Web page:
The AMA has issued several recommendations, based on its own assessment of the “discouraging evidence of inadequate end-of-life decision-making.” One formal recommendation states that: “Physicians should discuss the patient’s preferences with the patient and the patient’s proxy. These discussions should be held ahead of time wherever possible” (italics mine). The proposed legislation basically enacts this measure by compensating caregivers who hold such counseling sessions every five years for their senior patients.

Palin and Grassley Are Shameless Hypocrites

The worst aspect of Palin and Grassley’s deception regarding death is their utterly shameless hypocrisy. They, like a growing number of conservatives, portray the proposed healthcare reform legislation as symbolizing the horrors of a “big government” invading individual liberty and privacy. They also suggest that it is particularly egregious for a government to decide who can live or die.

If Palin and Grassley applied these principles consistently, they would not have an audience among social conservatives. Palin and Grassley are both staunchly anti-abortion. Grassley earned a perfect 100 score from the National Right to Life Coalition. Apparently, he has never voted against an abortion restriction. Palin does not support abortion at all – including in cases of rape or incest – unless the mother’s life is at risk. This position places among the most conservative pro-lifers.

Although Palin and Grassley express disgust over the idea of the government compensating doctors who counsel patients on end-of-life issues, they believe that it is appropriate for the government to deny doctors and patients any autonomy on the question of choice. Palin and Grassley would invite the government into the lives of women and doctors without their consent, but they would deny a role for the government to facilitate care that a doctor and patient view as medically necessary and beneficial.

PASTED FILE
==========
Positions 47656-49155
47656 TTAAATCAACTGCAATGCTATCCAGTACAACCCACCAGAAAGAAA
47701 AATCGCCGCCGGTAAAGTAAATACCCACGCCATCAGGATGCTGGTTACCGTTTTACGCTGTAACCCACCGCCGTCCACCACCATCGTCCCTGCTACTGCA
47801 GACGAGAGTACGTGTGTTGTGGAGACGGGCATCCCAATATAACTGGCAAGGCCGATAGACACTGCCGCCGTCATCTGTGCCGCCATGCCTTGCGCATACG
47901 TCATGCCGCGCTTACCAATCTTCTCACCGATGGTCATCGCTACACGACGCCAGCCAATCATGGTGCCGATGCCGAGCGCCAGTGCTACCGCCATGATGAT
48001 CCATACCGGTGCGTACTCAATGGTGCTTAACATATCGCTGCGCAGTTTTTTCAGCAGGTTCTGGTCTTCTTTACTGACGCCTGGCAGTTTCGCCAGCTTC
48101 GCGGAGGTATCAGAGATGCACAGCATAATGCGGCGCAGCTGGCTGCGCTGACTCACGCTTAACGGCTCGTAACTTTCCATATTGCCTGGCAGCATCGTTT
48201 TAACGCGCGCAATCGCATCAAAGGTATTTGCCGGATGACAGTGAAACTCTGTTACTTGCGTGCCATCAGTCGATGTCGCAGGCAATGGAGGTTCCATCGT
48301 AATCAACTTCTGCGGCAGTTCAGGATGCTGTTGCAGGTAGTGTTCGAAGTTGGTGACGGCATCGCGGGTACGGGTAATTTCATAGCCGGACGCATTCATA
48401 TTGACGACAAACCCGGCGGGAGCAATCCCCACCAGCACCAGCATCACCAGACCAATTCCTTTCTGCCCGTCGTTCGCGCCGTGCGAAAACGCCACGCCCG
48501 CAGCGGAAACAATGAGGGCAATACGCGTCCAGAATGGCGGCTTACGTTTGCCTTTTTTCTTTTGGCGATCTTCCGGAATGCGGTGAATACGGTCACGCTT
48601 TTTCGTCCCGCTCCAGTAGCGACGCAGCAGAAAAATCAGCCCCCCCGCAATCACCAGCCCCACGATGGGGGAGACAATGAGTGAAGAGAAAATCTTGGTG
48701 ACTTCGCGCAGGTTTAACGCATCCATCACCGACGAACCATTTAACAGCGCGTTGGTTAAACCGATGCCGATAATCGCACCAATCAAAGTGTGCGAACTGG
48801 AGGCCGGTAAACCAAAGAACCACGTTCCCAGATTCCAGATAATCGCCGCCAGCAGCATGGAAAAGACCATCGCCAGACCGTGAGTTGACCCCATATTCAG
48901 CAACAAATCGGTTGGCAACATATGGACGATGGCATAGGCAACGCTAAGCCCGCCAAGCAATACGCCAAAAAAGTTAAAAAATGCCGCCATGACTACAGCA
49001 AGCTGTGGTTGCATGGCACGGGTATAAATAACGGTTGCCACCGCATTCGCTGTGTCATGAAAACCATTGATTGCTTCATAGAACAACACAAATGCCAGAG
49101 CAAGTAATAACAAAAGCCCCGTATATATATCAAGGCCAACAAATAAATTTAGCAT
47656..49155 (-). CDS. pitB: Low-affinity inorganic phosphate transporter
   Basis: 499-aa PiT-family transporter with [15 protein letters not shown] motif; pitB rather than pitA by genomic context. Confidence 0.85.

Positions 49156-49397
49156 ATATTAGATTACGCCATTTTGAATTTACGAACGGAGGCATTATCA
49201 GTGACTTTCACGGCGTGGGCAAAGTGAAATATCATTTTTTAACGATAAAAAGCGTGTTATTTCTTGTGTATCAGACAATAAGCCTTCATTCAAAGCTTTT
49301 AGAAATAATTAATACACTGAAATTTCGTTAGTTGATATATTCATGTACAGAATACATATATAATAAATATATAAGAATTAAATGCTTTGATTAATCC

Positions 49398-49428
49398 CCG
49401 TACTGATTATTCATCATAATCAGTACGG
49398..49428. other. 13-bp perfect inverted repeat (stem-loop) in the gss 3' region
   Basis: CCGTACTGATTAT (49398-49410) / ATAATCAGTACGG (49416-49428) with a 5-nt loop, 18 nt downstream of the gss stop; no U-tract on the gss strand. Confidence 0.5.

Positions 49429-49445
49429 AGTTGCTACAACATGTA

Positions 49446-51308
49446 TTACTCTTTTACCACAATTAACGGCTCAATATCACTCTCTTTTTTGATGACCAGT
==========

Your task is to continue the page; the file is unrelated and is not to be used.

Grassley’s hypocrisy on this issue is even greater than Palin’s. Today, Grassley condemns an imaginary scenario involving the government deciding when to pull the plug on grandma. In the recent past, however, when Grassley encountered a real-life version of this story, he made a decision that contradicts his current rhetoric. In 2005, Grassley supported legislation that injected Congress into the Terri Schiavo saga.

Schiavio’s husband – and medical proxy under Florida law -- waged an almost 10-year legal battle to refuse life-sustaining medical treatment on behalf of his wife, who was in a persistent vegetative state. After a federal judge ordered the removal of food and hydration, Congress intervened and passed a law that was blatantly crafted to nullify the Florida litigation and to keep Schiavo alive against the wishes of her husband, who acted on her behalf.

Although the Senate passed the statute by unanimous consent, Grassley revealed his position and expressed his support for the measure, stating that: “I support the effort to protect Terri Schiavo. It’s the first case of its kind, a chance to choose life over death. I gave the option to life. . . .” Grassley, however, did not vote for life over death. Instead, he voted to authorize direct federal involvement in an end-of-life medical decision – something he currently claims to abhor. And to finish icing this cake, Palin and Grassley both support the death penalty. Capital punishment indisputably involves the government determining whether someone will live or die.